I'm trying to factor $x^6+x^5+x^4+x^3+x^2+x+1$ in $\mathbb{F}_2[x]$. But I don't know how to do that. Anyone can tell whether there is a nice way to solve all these kinds of problems?

  • $\begingroup$ you mean in $\mathbb{F}_2[x]$ ? $\endgroup$ – reuns Apr 29 '16 at 2:12
  • $\begingroup$ Think about powers mod 2, and you can simplify this a bunch. $\endgroup$ – Davey Apr 29 '16 at 2:12
  • $\begingroup$ wiki/Factorization_of_polynomials_over_finite_fields $\endgroup$ – reuns Apr 29 '16 at 2:16
  • $\begingroup$ Both 0 and 1 are not root, seems like this polynomial is irreducible. But I'm not sure. $\endgroup$ – Kelan Apr 29 '16 at 2:17
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    $\begingroup$ and since it is of degree $6$ all you have to do is proving it is not divisible by any degree $2$ and $3$ polynomial : $\endgroup$ – reuns Apr 29 '16 at 2:18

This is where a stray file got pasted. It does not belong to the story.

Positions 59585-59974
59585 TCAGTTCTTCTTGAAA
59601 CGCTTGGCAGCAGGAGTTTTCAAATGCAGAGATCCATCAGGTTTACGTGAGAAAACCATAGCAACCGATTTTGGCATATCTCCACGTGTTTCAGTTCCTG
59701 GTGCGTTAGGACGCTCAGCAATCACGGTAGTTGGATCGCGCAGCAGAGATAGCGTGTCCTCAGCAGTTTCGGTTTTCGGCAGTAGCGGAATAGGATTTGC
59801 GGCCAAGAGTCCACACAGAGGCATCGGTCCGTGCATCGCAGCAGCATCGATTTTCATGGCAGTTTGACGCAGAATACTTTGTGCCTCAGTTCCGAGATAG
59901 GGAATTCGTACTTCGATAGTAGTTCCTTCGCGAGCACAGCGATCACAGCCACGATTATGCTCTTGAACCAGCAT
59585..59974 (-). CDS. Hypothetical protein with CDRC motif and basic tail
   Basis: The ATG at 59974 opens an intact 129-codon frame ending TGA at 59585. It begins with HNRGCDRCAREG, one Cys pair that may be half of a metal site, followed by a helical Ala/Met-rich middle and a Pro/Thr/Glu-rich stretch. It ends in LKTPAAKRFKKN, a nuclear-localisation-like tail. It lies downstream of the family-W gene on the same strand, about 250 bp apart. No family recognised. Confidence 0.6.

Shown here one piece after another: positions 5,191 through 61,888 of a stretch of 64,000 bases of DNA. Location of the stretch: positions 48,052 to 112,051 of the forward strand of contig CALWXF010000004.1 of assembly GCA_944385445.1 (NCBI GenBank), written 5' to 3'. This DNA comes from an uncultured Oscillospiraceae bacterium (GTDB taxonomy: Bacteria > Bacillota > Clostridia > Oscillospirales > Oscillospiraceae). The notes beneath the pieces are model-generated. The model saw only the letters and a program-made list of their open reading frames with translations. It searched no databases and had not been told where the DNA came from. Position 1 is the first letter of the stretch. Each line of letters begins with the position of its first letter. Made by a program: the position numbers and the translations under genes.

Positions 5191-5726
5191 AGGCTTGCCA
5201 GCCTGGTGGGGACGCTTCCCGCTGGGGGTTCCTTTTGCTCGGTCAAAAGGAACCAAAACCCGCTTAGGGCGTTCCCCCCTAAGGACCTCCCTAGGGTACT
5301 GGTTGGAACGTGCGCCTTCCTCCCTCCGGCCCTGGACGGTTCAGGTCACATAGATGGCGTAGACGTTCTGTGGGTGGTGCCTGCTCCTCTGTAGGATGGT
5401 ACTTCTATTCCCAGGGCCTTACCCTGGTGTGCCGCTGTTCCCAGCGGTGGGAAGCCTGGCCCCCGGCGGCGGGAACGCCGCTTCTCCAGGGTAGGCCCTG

Well, in general, one usually recursively builds irreducible polynomials of low degree via Euclidean division. But in this case, there is a very nice trick: let $P(X) = X^6+X^5+X^4+X^3+X^2+X+1$. Then it is not hard to show that $P(X)(X+1) = X^7+1$ (one can either compute this directly, or think of the analagous result for truncated geometric series). But then $P(X)(X+1)(X) = X^8+X = X^{2^3}+X$, which is the product of all irreducible polynomials of degree dividing $3$ over $\mathbb{F}_{2}$. So $P(X)$ must factor as the product of the unique two irreducible polynomials of degree $3$ over $\mathbb{F}_{2}$. I leave it to you to compute these; feel free to comment if you need more help.

  • $\begingroup$ I don't see the "all irreducible polynomials of degree dividing 3" trick, where does it come from ? $\endgroup$ – reuns Apr 29 '16 at 2:20
  • $\begingroup$ This is a classical and very general result: the polynomial $X^{p^{n}} - X$ is always the product of all irreducible polynomials of degree dividing $n$ over the field $\mathbb{F}_{p}$. There are many resources for this particular result, including some on this site. $\endgroup$ – Alex Wertheim Apr 29 '16 at 2:22
  • $\begingroup$ ok, I didn't find a name but there is those proofs math.stackexchange.com/questions/106721/… $\endgroup$ – reuns Apr 29 '16 at 2:25

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